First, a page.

MP3 Don Rosler - Rosler´s Recording Booth
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17 MP3 Songs in this album (53:49) !
Related styles: Pop: Quirky, Classical: Musical Theater, Type: Vocal
People who are interested in Kurt Weill Nino Rota Randy Newman should consider this download.
Rosler's Recording Booth, a unique concept CD, written and produced by critically acclaimed songwriter Don Rosler, garnered national attention weeks before its official release date, thanks to the single âDoris from Rego Parkâ generating buzz on WNYC, WFAN and in Ken Plutnicki's article, "Doris From Rego Park Lives On In Song" in The New York Times.
âDoris From Rego Park,â performed by Don Rosler, is one of sixteen contemporary songs on Rosler's Recording Booth, featuring ten fantastical artists: Spottiswoode, Jeremy Sisto, Isabel Keating, Terry Radigan, John Margolis, Kathena Bryant (of The Hippy Nuts), Tam Lin, Jon Albrink, Tamara Hey and Don Rosler.
The CD takes the listener on an eclectic Nino Rota meets Randy Newman & Kurt Weill-like musical theatrical journey: A shy fella who drops a coin into the booth, struggling to send a one-minute audio postcard to his long-distance girlfriend (Rosler performing âRecording Boothâ). The euphoric pronouncements of a cocky â or is he delusional? â lad serenading his gal from the Empire State Building Observatory (Spottiswoode singing âYou Wonât Believeâ). A wife who knows her WWII soldierâs most recent audio missive by heart (âWe'll Have âEm All Overâ) followed by âGive It a Whirl,â a carpe diem-fueled tarantella, both performed by Terry Radigan.
Thereâs lots of other short stories in song along the way, including the haunting Song-of-Seikilos-inspired ballad, âWhere I've Been, What I've Done,â performed by Kathena Bryant, accompanied by 2010 Grammy nominated cellist Dave Eggar. The journey ends with Rosler, as Ringleader, singing âTake It Slow,â where he is visited by a ghostly reverie of sounds and voices (the Emily Bindiger Choir and the Rosler's Recording Booth Choir).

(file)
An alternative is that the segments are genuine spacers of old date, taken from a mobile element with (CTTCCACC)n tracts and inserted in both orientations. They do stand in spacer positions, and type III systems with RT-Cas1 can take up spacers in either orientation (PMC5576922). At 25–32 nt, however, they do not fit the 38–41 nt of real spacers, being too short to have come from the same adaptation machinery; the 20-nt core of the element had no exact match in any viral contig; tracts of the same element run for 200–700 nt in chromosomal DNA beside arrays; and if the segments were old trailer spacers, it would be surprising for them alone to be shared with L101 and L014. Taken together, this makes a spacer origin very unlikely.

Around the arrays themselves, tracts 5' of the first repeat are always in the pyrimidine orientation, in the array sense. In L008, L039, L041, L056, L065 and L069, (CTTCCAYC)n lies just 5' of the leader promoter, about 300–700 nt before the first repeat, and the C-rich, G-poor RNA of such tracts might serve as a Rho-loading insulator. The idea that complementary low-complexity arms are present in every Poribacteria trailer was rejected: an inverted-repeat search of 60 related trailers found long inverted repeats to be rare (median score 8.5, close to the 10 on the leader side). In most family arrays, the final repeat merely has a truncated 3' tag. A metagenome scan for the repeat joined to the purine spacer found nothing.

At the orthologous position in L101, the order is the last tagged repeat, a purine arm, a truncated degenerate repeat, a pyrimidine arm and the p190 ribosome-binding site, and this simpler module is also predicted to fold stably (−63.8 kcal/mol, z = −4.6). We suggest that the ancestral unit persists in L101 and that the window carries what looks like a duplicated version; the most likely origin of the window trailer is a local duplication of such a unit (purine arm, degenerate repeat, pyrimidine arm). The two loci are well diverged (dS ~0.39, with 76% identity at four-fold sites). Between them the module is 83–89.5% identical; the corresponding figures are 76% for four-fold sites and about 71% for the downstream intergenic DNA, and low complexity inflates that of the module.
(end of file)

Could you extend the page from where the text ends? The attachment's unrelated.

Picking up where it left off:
Rosler's Recording Booth also features film & television star Jeremy Sisto's singing debut, Tony nominee & Drama Desk Award winning actress and singer, Isabel Keating (with a special guest cameo by Isabel's mother Carmen Keating), and four more formidable artists: John Margolis, Tam Lin, Jon Albrink & Tamara Hey, accompanied by such virtuoso background vocalists and musicians as Jim Beard, Everett Bradley, Joshua Camp, Jim Gately, Shawn Pelton, Gary Schreiner and Peter Valentine.
Rosler used Wilcox-Gay Recordios & Voice-o-Graph recordings as a springboard for inspiring the concept. âThere was a Voice-o-Graph record I hadnât heard for many years, made by my Grandpa Abe and older brothers Mike and Dave when they were crammed into a recording booth at the Jolly Roger's arcade on Long Island. When I finally heard that Voice-o-Graph of them singing, and then years later a Kitchen Sister's report on NPR called âWar and Separation,â where they played Recordios exchanged amongst separated lovers and families, I was riveted.â Rosler continued, âI wrote these songs with some of the Recordios rolling around in my head. While I didnât let these records dictate all of the characters or themes, they often, along with my ideas for the arrangement landscape, created some intriguing parameters.â